Embed the “What am I going to do?” not the “What is management going to do?” mind-set into the DNA of your organisation.
The Environment Agency - Director of Business Finance & Head of Charging
The Environment Agency is the nondepartmental public body answerable to the UK Parliament and responsible for protecting and enhancing the environment. Employing just over 11,000 people it is divided into seven directorates – Flood & Coastal Risk Management, Environment & Business, Evidence, Corporate Affairs, Operations, Finance, Resources & Legal.
When Phil Winrow took over as Head of Business Finance, at the Environment Agency (EA) in 2008, he knew immediately that something needing to be done about culture; things weren’t working as well as they could do. “We had a legacy,” he explains. “Whenever you come in you’ve got a set of people who do things their own way, who can’t see there is a wider impact.” Three years later, in 2011, his department was surveyed by Ipsos MORI, who found employee satisfaction one of the highest it had ever seen. That’s quite a turnaround.
The task facing Phil in 2008 is a familiar one. “We had people in there who were brilliant with a set of figures but not so great with other people. Leave them alone with a spreadsheet and they’re happy. But ask them to talk about their feelings or get them to ask other people about their feelings…” he trails off. Phil tried a few of the fixes available in-house. “We tried workshops, we tried calling everybody a customer, we did all sorts of things to try and change the culture. But if you haven’t got to the heart of the problem, you can’t succeed.”
Innes Garden, head of charging and with the EA since 1995, was one of the people at the other end when Phil Winrow arrived. “Things did need improving,” he remembers. “People were coming at things from their own understanding of the situation, which isn’t the whole picture, and it led to other people being frustrated at not being heard.”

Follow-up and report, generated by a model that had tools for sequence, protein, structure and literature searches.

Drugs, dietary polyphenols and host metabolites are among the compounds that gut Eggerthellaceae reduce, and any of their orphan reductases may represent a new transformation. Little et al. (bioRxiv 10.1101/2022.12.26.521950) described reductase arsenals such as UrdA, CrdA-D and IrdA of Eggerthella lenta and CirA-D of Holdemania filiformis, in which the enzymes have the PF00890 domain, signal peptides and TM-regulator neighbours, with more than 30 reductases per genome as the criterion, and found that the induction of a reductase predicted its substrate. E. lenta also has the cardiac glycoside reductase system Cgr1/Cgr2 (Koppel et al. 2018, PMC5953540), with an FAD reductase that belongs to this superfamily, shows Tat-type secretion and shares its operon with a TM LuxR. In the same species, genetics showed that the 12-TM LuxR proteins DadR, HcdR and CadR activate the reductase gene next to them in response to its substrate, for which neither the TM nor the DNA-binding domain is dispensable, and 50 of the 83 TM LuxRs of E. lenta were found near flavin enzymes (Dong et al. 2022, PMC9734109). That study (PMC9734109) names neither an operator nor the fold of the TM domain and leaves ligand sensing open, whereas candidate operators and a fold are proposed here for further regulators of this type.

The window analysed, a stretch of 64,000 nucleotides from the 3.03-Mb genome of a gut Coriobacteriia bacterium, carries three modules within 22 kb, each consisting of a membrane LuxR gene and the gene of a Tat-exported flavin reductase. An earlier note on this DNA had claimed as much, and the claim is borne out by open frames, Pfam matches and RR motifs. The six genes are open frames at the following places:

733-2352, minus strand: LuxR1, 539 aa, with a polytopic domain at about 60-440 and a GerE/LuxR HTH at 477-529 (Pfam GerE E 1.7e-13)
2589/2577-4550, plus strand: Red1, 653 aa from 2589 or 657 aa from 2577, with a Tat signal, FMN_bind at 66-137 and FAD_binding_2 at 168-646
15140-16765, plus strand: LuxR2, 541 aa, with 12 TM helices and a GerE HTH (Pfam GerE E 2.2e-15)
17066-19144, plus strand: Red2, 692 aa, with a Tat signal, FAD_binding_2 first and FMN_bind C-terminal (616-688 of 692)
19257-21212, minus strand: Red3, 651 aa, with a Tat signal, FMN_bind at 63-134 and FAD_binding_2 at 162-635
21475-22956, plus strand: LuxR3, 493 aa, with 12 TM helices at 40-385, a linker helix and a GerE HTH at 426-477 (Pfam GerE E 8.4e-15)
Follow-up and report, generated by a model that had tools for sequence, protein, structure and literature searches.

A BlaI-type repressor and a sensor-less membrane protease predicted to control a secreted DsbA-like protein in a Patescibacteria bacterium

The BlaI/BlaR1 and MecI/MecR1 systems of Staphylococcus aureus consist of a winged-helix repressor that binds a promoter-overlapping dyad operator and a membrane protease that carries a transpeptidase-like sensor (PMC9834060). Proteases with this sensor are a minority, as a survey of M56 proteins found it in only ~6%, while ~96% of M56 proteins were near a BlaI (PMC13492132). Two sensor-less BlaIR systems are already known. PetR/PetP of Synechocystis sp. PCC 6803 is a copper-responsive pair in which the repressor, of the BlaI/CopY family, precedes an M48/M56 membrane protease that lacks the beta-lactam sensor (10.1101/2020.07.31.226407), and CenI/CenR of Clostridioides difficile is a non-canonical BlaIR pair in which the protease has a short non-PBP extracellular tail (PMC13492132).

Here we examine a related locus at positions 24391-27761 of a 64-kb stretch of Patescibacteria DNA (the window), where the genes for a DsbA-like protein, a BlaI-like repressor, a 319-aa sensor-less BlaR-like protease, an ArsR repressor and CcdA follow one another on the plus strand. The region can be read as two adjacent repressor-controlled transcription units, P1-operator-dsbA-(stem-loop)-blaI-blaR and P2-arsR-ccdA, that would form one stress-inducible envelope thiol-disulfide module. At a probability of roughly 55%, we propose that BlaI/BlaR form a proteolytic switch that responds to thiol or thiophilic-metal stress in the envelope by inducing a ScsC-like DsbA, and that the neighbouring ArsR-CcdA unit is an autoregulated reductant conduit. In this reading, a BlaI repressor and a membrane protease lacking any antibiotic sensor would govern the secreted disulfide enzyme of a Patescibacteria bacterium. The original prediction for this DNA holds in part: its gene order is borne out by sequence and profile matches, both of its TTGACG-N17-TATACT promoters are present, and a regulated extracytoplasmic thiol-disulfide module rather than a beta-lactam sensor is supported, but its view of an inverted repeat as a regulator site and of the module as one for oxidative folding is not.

It was at this point that Phil decided to call in An Even Better Place to Work. “I knew An Even Better Place to Work from before and had been impressed. What appealed to me about it was the way that people engaged with it. It wasn’t the sort of system where people performed a series of tasks, got a certificate and then got back to doing things the way they did them before. Because of the way An Even Better Place to Work engaged with people, it got to the heart of the situation.”
Not everyone loves change, however, and when Phil suggested that the way work was done could do with a tweak, heels were dug in. “Yes, there was initially some resistance,” says Phil. Innes Garden agrees, but adds, “Once the team saw what An Even Better Place to Work was, they took an ‘OK, let’s try it’ attitude; they were fairly open and willing.”
The reason for this openness is understood by anyone who has used An Even Better Place to Work. This on-line, self-managed programme is designed to create more openness, trust and collaboration, “First of all,” says Innes, “it’s not threatening. Second, it’s fun.” He elaborates, “It’s all about your views, your feelings. It expresses everything in terms of personal needs. And it’s all about solutions, it’s offbeat, people enjoy doing it.”
“At first it's all a bit of fun, quite lighthearted,” says Phil. “It’s not initially challenging. But as time goes on it lays down a challenge, and people rise to it. Its core strength is that it challenges assumptions – our own, those we hold about others – and gets us to appreciate the other point of view. It’s all about talking, and that’s a really important component of the business, talking.”